CHARLESTON, WV (WOAY) — West Virginia Attorney General Patrick Morrisey, along with a host of domestic and international partners, kicked off International Charity Fraud Awareness Week.
The international effort offers tips for wise giving with the hope of helping charities and consumers avoid charity fraud. This year’s initiative, which runs Monday, Oct. 19, to Friday, Oct. 23, also features cybersecurity and data security tips for nonprofits.
“Many consumers choose to donate to charitable causes,” Attorney General Morrisey said. “I commend and encourage this generosity. However, we also must exercise caution. Failing to protect information can lead to identity theft and financial fraud, so it’s important to consider the tips offered by this week’s joint awareness initiative.”
Tips include being aware of the potential for fraud, taking time to check the legitimacy of a charitable organization and ways nonprofits can safeguard their cybersecurity and data.
Those concerned about the legitimacy of a specific charity or organization should confirm it is registered to solicit donations in West Virginia. That information can be accessed through the West Virginia Secretary of State’s office.
Additional tips to keep in mind include:
- Never feel pressured to donate immediately.
- Be suspicious of charities that ask for donations in cash, gift cards or via wire transfer.
- Ask how much of an individual donation directly supports the desired cause.
- If the charity is unfamiliar, gather as much information as possible about the organization.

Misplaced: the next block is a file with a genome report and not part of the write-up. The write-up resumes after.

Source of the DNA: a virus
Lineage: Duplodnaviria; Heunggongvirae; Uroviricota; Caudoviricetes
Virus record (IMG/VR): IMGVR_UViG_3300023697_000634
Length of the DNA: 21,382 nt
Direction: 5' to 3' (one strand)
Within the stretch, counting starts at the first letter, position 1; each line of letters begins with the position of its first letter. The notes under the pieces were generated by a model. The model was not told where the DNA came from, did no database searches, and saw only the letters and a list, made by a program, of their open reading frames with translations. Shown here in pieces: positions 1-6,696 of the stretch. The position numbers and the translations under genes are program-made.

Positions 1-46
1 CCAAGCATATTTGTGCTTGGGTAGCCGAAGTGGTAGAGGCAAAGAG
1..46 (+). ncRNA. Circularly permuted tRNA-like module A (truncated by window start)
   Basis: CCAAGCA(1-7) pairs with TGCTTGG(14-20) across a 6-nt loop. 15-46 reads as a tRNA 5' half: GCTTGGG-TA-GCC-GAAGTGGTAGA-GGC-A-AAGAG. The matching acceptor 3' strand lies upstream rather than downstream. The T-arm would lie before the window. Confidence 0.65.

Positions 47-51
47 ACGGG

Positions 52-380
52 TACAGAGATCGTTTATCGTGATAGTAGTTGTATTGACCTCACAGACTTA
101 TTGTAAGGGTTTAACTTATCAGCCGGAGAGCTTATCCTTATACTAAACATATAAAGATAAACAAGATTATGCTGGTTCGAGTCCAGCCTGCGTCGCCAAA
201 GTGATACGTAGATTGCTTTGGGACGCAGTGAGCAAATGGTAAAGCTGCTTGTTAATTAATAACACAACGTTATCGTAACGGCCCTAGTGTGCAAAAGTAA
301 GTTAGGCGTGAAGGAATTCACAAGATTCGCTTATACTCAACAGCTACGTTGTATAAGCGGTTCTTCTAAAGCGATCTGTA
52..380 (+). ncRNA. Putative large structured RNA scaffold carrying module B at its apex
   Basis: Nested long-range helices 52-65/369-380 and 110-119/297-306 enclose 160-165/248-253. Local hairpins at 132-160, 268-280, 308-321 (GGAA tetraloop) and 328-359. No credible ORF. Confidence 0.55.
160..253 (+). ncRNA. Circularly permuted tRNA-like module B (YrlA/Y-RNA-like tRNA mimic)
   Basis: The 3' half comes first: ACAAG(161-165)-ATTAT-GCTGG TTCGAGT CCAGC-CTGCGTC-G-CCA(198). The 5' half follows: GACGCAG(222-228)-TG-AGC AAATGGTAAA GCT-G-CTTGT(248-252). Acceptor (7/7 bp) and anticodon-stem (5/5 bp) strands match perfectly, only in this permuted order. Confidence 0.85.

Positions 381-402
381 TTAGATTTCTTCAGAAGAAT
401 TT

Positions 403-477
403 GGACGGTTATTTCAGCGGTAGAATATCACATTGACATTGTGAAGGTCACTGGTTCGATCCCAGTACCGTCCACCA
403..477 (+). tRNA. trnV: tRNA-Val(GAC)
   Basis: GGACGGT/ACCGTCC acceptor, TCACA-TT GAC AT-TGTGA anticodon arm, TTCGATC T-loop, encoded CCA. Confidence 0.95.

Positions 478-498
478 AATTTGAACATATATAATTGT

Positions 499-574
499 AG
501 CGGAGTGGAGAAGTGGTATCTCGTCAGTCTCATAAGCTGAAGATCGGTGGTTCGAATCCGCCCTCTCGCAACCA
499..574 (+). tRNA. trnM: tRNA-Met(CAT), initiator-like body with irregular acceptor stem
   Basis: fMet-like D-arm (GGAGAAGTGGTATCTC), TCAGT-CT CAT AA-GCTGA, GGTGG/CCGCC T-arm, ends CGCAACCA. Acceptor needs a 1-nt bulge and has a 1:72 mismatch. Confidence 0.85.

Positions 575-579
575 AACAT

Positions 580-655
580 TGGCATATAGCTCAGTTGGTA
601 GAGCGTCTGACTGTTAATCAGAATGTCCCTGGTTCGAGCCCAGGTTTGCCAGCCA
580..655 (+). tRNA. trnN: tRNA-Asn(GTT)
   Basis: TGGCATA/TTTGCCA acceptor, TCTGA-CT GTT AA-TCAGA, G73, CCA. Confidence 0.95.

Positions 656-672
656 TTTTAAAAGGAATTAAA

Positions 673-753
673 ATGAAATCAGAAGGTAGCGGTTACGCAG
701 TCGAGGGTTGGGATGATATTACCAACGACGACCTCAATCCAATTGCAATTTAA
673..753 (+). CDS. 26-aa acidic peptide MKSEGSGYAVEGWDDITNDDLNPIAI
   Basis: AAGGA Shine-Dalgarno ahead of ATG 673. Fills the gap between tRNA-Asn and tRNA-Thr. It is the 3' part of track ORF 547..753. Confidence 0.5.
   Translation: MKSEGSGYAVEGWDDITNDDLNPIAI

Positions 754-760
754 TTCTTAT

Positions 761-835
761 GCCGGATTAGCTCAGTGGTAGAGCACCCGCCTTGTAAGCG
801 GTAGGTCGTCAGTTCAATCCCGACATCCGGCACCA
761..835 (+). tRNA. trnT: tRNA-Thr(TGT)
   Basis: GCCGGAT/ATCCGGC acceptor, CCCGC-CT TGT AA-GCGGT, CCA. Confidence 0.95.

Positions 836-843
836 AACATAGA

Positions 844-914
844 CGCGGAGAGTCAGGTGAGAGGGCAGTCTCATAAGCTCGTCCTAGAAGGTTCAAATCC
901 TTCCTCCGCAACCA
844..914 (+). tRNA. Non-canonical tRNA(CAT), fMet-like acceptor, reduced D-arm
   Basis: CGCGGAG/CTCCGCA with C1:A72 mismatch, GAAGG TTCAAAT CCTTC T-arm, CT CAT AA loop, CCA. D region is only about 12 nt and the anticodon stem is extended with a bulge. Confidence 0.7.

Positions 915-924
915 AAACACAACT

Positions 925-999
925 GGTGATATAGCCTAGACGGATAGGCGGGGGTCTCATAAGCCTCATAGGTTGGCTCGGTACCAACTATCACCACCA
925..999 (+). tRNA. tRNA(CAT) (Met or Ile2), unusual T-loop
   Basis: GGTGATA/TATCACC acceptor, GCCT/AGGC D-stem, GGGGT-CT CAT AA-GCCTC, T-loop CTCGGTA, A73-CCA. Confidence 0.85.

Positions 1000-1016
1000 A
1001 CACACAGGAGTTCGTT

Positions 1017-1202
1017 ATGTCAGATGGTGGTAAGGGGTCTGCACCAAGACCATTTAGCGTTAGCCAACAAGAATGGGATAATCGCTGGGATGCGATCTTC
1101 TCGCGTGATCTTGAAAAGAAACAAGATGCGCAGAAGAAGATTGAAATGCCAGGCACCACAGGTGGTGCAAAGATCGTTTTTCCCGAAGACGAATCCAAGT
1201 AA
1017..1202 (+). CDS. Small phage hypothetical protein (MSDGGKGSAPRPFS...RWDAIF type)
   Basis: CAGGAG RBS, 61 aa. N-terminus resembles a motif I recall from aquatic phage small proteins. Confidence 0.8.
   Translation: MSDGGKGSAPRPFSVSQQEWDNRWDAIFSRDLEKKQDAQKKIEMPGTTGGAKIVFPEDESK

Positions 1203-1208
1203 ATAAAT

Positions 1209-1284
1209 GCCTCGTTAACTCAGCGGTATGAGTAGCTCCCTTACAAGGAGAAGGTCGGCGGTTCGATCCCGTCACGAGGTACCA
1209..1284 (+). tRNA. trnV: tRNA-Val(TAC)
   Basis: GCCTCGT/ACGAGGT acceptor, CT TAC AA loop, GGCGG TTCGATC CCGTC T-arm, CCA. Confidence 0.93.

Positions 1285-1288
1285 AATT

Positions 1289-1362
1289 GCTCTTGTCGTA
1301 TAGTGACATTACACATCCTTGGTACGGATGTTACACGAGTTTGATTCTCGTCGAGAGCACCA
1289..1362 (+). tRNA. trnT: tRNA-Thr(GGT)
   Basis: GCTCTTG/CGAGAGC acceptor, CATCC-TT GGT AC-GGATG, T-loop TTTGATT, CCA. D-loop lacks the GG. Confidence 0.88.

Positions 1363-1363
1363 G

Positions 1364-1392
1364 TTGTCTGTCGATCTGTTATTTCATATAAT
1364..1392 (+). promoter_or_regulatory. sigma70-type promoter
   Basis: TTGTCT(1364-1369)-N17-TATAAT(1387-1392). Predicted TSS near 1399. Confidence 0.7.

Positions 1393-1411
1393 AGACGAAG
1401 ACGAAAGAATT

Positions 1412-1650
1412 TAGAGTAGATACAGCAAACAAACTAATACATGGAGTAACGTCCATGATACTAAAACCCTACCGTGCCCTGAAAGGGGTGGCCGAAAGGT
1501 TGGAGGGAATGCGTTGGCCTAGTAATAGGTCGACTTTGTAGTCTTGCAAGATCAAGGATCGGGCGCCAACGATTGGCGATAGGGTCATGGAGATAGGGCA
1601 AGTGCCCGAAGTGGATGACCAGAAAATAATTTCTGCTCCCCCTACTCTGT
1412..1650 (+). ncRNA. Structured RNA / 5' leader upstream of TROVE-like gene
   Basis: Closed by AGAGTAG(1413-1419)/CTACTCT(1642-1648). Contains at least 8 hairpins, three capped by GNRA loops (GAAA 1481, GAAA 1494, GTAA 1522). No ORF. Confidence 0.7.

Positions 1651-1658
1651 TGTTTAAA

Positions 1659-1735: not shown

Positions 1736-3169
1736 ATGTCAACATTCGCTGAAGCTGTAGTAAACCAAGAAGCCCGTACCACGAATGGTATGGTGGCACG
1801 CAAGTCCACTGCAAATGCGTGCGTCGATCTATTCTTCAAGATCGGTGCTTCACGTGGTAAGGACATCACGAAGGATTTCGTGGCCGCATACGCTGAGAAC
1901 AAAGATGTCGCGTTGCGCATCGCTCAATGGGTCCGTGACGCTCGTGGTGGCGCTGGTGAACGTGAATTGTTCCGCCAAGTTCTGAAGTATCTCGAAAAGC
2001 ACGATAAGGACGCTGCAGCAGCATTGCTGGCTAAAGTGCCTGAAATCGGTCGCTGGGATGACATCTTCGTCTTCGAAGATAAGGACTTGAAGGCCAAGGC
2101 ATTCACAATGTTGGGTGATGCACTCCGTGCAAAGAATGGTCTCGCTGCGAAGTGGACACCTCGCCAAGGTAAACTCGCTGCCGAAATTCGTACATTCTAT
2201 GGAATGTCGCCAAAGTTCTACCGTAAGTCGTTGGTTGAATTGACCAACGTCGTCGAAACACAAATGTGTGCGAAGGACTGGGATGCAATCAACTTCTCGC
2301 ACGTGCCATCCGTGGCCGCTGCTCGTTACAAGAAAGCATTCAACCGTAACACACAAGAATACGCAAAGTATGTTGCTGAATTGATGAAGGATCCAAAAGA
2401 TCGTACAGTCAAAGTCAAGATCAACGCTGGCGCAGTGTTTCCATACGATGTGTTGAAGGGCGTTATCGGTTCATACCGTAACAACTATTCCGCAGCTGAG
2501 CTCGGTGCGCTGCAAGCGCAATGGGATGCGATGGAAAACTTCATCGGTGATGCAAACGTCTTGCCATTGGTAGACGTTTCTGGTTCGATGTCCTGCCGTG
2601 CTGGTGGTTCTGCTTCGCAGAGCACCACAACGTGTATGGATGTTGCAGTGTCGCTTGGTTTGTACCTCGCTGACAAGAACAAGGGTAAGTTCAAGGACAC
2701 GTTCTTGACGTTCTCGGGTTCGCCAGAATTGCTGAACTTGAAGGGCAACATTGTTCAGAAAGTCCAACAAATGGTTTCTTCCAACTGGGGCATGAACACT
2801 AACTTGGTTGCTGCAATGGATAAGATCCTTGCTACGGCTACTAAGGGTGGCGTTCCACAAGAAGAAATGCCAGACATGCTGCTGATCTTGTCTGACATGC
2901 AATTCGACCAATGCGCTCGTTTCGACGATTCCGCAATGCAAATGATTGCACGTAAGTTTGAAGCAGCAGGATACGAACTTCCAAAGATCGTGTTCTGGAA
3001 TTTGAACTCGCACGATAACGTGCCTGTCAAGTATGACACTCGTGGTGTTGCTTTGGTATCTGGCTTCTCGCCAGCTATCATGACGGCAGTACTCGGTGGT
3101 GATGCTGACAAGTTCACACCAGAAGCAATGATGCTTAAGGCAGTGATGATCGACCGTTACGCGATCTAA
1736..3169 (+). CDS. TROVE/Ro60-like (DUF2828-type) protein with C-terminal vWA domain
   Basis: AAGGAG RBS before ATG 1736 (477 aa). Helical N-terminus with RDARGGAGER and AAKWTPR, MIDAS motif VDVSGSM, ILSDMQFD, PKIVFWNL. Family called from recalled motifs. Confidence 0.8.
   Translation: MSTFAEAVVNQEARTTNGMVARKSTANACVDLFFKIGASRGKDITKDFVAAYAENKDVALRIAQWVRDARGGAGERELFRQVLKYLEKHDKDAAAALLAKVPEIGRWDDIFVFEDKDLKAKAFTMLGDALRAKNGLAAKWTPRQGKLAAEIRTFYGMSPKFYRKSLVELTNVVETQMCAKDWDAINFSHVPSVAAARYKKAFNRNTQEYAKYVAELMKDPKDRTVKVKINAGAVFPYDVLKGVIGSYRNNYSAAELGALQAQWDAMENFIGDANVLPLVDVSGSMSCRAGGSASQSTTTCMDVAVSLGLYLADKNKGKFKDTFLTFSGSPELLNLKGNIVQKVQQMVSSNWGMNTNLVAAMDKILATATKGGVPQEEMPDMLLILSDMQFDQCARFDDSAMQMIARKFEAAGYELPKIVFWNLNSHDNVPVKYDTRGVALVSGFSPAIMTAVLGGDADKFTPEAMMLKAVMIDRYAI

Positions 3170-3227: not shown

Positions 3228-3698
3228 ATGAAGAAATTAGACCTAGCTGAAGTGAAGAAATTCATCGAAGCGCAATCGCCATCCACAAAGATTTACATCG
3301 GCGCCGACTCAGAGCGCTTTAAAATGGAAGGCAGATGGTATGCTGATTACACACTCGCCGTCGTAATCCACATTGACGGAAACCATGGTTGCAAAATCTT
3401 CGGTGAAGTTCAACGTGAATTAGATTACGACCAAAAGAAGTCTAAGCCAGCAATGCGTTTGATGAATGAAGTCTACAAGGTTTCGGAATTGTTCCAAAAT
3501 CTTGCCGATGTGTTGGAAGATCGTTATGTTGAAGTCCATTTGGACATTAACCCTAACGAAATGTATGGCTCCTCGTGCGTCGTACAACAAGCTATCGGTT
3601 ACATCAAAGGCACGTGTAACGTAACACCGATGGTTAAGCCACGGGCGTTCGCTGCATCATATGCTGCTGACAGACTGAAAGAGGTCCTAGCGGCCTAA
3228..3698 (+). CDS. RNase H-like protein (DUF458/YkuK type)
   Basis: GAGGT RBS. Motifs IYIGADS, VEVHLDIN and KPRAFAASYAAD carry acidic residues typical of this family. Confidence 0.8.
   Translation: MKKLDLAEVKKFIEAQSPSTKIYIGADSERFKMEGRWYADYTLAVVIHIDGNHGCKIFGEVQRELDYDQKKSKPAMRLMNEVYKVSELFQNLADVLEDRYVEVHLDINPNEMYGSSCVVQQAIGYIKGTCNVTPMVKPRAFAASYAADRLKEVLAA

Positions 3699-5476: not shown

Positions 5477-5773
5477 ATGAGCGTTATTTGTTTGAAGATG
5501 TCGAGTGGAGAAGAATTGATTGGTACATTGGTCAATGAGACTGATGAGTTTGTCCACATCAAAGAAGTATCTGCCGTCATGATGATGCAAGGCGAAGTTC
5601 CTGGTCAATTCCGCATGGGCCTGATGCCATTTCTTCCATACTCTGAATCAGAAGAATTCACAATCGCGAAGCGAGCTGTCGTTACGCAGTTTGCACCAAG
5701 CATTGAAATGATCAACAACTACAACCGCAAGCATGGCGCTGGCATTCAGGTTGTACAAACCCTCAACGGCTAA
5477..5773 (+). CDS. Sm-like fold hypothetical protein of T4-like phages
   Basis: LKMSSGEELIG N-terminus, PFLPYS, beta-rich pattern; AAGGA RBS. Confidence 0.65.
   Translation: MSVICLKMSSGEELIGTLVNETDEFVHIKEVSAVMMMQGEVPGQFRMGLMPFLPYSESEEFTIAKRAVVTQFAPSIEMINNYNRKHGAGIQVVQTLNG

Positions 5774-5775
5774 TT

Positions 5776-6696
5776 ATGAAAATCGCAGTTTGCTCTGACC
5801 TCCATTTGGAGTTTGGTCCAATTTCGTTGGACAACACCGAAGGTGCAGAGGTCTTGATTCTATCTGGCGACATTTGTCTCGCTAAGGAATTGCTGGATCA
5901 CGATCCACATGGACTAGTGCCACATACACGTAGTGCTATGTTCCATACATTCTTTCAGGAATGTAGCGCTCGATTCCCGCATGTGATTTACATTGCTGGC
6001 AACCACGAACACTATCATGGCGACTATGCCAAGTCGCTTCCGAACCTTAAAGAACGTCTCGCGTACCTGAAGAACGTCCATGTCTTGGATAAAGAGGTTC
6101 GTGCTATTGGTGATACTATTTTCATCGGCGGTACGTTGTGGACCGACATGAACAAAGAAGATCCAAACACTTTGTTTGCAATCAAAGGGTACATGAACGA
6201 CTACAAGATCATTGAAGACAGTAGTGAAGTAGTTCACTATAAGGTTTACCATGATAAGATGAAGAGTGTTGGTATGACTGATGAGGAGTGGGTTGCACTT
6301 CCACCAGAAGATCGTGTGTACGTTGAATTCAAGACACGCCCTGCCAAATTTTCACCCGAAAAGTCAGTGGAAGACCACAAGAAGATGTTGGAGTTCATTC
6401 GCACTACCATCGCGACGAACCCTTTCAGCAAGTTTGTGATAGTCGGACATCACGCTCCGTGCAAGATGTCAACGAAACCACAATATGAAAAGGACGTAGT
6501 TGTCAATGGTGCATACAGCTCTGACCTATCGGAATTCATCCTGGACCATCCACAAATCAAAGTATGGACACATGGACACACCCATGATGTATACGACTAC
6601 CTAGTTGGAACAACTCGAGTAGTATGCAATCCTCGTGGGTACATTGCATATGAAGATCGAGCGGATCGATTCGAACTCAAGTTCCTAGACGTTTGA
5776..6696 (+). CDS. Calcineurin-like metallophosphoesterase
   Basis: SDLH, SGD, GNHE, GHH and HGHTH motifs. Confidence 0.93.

- Never rely on a group’s sympathetic sounding name or its similarity to a well-known, reputable entity.
- Be wary of unsolicited calls that thank you for donations that you do not recall making.
- Verify any local chapter is authorized to solicit funds on behalf of its parent organization.
- Go directly to the charity’s website instead of clicking on a link to the desired group. Also, confirm the website starts with https:// as the “s” verifies a secure connection.
- Be wary of any charity refusing to detail its mission, use of donations or proof of tax deductibility.
- Keep records, including a letter confirming the charitable status of the organization, for contributions in excess of $250.
Charity Fraud Awareness Week involves a broad coalition of charities, regulators, law enforcers, representative and umbrella bodies, as well as other not-for-profit stakeholders whose goal is to raise awareness and share good practices in tackling fraud and cybercrime.
West Virginia’s Attorney General is participating with the Federal Trade Commission and other U.S. and international partners.
Any West Virginian solicited to donate to a charity they think may be fraudulent can contact the Attorney General’s Consumer Protection Division at 1-800-368-8808, the Eastern Panhandle Consumer Protection Office in Martinsburg at 304-267-0239 or visit the office online at www.wvago.gov.